5. Brazil has been severely hit by COVID-19, with rapid spatial spread of both cases and deaths. We used daily data on reported cases and deaths to understand, measure, and compare the spatiotemporal pattern of the spread across municipalities. Indicators of clustering, trajectories, speed, and intensity of the movement of COVID-19 to interior areas, combined with indices of policy measures, show that although no single narrative explains the diversity in the spread, an overall failure of implementing prompt, coordinated, and equitable responses in a context of stark local inequalities fueled disease spread. This resulted in high and unequal infection and mortality burdens. With a current surge in cases and deaths and several variants of concern in circulation, failure to mitigate the spread could further aggravate the burden.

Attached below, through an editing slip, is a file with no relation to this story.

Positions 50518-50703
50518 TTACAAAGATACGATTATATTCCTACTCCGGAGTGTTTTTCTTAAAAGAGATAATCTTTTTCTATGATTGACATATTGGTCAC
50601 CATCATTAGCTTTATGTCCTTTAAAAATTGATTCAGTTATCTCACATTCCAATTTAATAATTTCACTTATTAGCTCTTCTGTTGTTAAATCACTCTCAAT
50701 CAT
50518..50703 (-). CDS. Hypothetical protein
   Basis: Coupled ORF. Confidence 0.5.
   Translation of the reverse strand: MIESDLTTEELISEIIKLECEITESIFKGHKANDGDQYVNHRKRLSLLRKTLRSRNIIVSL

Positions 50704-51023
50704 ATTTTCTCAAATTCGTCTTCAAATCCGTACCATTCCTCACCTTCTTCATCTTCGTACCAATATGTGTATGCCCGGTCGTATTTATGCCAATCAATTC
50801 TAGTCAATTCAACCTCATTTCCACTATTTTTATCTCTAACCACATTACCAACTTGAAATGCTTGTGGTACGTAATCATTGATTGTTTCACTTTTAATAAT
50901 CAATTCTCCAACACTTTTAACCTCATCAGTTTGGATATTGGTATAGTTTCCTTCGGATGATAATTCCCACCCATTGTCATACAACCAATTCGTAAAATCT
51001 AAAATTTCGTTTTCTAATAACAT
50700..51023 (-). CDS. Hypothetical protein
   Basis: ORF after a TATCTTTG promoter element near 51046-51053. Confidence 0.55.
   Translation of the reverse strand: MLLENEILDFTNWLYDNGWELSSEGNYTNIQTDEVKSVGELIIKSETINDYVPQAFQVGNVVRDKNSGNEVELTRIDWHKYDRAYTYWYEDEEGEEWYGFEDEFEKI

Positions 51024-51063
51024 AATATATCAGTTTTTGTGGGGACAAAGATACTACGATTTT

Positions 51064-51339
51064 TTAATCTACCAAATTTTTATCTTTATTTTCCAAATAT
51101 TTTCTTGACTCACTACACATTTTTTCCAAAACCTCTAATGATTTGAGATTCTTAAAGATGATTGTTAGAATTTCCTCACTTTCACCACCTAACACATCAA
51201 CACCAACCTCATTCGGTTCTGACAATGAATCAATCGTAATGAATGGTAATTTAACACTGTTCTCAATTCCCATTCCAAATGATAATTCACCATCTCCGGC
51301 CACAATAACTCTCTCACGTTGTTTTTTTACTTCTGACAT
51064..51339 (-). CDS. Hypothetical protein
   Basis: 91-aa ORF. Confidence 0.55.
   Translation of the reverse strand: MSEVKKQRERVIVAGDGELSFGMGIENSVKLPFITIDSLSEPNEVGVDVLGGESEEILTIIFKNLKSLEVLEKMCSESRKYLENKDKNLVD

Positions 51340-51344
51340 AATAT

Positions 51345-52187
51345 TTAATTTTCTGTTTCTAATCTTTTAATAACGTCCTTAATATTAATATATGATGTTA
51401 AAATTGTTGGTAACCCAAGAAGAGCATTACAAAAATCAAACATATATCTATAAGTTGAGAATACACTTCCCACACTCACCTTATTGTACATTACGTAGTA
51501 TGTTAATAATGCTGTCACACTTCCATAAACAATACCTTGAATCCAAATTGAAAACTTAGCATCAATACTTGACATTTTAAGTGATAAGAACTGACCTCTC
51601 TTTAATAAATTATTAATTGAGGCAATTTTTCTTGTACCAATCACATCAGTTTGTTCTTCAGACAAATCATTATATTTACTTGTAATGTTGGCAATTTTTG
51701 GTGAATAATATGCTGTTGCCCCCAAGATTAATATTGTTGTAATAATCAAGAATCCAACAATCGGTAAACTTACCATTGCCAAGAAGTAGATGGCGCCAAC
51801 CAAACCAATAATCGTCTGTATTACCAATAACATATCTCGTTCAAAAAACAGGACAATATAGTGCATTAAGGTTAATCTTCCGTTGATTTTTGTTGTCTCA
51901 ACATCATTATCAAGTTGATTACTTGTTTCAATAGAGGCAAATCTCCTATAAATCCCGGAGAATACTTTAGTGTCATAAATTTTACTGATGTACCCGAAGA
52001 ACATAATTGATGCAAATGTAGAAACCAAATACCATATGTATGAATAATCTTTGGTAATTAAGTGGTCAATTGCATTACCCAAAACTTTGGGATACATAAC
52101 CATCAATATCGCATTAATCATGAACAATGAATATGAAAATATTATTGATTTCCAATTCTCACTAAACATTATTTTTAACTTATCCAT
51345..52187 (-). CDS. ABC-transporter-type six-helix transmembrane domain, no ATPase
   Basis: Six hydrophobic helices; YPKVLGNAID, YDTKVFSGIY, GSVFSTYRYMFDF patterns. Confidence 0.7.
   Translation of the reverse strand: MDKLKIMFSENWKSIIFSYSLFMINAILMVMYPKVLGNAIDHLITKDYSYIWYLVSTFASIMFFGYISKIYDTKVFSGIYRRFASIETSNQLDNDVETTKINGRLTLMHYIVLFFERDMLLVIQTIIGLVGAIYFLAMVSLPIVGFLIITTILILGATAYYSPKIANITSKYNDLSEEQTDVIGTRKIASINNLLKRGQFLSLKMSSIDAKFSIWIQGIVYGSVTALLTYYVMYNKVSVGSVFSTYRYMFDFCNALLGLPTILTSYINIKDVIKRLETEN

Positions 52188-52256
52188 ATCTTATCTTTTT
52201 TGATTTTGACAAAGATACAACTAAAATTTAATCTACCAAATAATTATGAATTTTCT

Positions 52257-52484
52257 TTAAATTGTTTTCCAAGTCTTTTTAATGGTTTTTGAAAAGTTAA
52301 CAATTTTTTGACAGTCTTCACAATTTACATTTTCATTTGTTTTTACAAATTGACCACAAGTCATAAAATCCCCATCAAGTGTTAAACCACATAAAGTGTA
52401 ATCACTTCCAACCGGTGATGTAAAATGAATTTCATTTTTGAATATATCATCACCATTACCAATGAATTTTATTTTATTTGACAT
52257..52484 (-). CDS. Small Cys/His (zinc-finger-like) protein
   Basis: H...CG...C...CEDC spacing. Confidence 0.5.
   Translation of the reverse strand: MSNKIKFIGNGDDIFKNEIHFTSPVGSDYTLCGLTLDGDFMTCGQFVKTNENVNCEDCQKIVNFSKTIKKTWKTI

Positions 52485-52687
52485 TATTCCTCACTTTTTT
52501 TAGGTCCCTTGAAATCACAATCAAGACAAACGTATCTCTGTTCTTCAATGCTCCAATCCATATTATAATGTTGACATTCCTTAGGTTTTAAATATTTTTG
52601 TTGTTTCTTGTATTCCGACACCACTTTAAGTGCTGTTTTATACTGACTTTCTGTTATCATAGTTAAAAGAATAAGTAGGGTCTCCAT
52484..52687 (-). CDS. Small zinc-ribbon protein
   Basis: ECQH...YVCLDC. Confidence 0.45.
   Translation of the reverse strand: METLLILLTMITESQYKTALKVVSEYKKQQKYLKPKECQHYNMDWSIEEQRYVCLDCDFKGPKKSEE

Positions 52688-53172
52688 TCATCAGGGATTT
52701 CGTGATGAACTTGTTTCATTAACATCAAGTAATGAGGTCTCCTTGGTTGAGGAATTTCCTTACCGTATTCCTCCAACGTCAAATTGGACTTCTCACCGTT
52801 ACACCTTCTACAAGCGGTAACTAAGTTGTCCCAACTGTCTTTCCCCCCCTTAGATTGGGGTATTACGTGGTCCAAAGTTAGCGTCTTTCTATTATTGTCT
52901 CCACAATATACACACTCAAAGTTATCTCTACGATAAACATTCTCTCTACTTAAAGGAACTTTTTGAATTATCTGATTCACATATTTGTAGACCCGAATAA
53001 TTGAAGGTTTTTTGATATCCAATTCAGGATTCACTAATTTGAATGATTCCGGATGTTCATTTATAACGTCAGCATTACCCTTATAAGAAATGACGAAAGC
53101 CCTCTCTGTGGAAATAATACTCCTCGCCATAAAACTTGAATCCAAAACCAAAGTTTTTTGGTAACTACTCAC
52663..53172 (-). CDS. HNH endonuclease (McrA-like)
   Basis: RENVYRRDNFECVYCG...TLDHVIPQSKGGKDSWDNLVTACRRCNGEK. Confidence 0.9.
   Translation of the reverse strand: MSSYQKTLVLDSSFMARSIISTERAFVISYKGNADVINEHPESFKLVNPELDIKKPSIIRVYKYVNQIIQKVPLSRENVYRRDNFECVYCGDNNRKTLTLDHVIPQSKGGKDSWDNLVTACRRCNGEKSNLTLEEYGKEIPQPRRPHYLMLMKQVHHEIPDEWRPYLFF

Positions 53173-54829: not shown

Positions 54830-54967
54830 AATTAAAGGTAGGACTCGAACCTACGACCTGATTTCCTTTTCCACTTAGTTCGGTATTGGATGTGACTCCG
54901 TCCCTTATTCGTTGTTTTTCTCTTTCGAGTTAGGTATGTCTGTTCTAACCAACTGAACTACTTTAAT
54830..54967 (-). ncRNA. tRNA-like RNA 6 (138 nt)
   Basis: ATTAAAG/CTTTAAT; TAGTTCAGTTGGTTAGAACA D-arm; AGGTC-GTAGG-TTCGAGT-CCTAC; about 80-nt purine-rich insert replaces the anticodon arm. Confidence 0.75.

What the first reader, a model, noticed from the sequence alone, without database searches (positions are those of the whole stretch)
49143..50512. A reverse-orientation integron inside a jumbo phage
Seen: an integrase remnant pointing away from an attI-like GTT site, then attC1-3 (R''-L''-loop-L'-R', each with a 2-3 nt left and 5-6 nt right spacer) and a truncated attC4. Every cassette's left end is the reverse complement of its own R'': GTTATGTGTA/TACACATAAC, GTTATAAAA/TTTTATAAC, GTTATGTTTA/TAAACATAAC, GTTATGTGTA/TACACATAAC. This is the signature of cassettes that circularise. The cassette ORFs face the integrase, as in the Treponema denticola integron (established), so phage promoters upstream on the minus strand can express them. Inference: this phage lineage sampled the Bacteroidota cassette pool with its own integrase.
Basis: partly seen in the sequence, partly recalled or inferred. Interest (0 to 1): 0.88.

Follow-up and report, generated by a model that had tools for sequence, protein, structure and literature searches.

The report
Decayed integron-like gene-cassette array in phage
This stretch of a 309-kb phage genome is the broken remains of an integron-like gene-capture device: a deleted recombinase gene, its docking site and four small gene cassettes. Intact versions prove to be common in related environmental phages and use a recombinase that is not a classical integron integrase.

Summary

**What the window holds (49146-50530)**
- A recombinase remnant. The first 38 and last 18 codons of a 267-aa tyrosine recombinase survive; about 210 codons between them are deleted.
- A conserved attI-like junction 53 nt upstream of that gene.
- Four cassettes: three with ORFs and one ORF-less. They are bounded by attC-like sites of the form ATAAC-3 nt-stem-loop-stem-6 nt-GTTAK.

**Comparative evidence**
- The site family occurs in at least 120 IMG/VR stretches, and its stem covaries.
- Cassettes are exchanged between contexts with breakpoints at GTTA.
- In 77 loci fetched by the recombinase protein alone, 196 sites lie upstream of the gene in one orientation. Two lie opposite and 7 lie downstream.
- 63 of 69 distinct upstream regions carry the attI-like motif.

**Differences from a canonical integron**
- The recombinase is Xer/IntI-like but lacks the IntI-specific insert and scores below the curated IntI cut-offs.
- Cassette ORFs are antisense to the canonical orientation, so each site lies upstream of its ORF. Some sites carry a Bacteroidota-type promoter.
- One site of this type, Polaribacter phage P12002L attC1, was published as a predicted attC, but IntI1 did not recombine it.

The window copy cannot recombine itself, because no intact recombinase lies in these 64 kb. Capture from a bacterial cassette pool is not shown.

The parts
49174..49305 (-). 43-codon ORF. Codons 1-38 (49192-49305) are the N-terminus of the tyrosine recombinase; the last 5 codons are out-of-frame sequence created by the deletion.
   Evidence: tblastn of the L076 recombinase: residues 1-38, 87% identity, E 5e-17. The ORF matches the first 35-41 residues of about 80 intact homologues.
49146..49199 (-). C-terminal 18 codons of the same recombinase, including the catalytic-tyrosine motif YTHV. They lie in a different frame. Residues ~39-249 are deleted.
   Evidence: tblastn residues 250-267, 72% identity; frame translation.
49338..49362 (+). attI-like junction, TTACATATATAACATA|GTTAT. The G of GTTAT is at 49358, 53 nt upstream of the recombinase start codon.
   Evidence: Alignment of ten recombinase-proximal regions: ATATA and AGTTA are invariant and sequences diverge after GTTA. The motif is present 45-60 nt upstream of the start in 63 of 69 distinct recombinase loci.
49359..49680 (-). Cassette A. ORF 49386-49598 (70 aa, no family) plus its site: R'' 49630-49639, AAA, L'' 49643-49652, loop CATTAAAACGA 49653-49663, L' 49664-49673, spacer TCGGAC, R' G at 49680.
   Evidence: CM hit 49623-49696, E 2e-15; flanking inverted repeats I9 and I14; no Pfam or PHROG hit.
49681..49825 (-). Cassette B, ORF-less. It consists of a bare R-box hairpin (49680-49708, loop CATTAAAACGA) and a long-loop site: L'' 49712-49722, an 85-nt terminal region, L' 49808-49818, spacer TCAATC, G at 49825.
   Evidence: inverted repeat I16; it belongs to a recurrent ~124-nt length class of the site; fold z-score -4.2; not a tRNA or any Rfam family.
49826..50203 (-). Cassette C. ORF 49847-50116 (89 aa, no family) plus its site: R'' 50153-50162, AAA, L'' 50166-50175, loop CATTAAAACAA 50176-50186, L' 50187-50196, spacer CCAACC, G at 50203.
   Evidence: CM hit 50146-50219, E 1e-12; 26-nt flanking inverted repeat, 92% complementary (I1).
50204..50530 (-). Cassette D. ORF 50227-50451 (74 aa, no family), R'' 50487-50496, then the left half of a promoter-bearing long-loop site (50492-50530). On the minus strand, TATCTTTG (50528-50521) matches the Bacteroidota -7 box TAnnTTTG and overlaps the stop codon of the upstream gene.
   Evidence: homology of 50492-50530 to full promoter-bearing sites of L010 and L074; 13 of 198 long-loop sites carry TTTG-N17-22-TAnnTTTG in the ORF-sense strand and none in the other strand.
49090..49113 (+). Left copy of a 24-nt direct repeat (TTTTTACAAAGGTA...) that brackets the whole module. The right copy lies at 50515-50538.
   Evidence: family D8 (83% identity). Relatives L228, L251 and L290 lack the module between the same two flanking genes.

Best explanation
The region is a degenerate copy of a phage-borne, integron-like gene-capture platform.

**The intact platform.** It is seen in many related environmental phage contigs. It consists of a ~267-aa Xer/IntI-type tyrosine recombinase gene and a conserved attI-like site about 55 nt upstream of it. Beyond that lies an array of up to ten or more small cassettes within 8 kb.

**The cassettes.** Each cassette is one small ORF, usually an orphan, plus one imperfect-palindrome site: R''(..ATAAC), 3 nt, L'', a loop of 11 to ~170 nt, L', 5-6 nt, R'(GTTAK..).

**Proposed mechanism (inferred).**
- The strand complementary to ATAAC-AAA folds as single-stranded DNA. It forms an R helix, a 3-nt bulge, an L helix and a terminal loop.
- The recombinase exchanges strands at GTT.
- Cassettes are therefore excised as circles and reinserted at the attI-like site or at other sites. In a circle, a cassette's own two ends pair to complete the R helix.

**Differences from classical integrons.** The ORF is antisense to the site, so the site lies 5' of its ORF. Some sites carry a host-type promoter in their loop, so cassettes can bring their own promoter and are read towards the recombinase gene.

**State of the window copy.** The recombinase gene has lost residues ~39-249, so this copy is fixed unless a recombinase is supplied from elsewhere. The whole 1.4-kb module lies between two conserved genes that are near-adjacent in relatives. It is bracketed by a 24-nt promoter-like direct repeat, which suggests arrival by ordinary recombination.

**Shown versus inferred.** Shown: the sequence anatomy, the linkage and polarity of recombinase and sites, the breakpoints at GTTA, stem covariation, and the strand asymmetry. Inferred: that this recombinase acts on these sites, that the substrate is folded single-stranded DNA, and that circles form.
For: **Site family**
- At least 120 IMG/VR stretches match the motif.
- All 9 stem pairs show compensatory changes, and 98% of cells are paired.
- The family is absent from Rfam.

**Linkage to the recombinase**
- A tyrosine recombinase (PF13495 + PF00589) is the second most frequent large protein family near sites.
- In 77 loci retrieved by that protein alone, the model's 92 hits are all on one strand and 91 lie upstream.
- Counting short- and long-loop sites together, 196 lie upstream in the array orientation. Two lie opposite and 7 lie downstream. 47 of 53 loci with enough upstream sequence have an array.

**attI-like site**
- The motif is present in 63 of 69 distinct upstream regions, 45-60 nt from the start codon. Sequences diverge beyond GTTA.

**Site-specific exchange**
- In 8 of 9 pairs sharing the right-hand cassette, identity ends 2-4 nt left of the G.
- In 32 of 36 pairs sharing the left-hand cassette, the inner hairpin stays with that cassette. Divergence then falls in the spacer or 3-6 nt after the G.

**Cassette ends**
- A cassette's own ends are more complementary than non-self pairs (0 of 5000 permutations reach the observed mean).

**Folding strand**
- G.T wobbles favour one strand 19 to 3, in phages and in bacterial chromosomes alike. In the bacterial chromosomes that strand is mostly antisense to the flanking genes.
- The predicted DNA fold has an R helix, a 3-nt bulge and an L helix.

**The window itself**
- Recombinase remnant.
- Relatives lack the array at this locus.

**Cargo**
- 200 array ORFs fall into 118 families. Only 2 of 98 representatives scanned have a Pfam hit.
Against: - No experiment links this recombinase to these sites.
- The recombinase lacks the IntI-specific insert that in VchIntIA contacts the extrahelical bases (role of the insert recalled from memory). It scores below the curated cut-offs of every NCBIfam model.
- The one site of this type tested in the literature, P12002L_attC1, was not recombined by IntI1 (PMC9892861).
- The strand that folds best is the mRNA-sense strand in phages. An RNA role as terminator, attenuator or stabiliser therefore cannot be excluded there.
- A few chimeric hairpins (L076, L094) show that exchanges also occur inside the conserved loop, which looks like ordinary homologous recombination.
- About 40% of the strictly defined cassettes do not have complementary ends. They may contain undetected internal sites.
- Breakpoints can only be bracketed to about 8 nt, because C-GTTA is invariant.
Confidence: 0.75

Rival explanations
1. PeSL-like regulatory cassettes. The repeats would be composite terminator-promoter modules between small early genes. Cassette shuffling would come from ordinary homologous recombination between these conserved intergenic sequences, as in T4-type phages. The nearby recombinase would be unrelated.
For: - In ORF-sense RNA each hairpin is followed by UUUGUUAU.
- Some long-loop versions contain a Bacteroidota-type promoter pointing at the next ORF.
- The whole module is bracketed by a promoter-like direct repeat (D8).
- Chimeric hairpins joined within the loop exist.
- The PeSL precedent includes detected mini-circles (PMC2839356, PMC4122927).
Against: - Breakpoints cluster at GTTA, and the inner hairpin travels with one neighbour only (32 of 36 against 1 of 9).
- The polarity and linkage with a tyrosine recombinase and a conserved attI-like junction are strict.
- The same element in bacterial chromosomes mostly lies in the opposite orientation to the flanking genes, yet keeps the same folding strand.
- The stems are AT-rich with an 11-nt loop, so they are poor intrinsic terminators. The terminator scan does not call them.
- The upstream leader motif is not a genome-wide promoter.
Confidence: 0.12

6. Studies on human mobility have a long history with increasingly strong interdisciplinary connections across social science, environmental science, information and technology, computer science, engineering, and health science. However, what is lacking in the current research is a synthesis of the studies to identify the evolutional pathways and future research directions. To address this gap, we conduct a systematic review of human mobility-related studies published from 1990 to 2020. Drawing on the selected publications retrieved from the Web of Science, we provide a bibliometric analysis and network visualisation using CiteSpace and VOSviewer on the number of publications and year published, authors and their countries and afflictions, citations, topics, abstracts, keywords, and journals. Our findings show that human mobility-related studies have become increasingly interdisciplinary and multi-dimensional, which have been strengthened by the use of the so-called ‘big data’ from multiple sources, the development of computer technologies, the innovation of modelling approaches, and the novel applications in various areas. Based on our synthesis of the work by top cited authors we identify four directions for future research relating to data sources, modelling methods, applications, and technologies. We advocate for more in-depth research on human mobility using multi-source big data, improving modelling methods andmore »integrating advanced technologies including artificial intelligence, and machine and deep learning to address real-world problems and contribute to social good.« less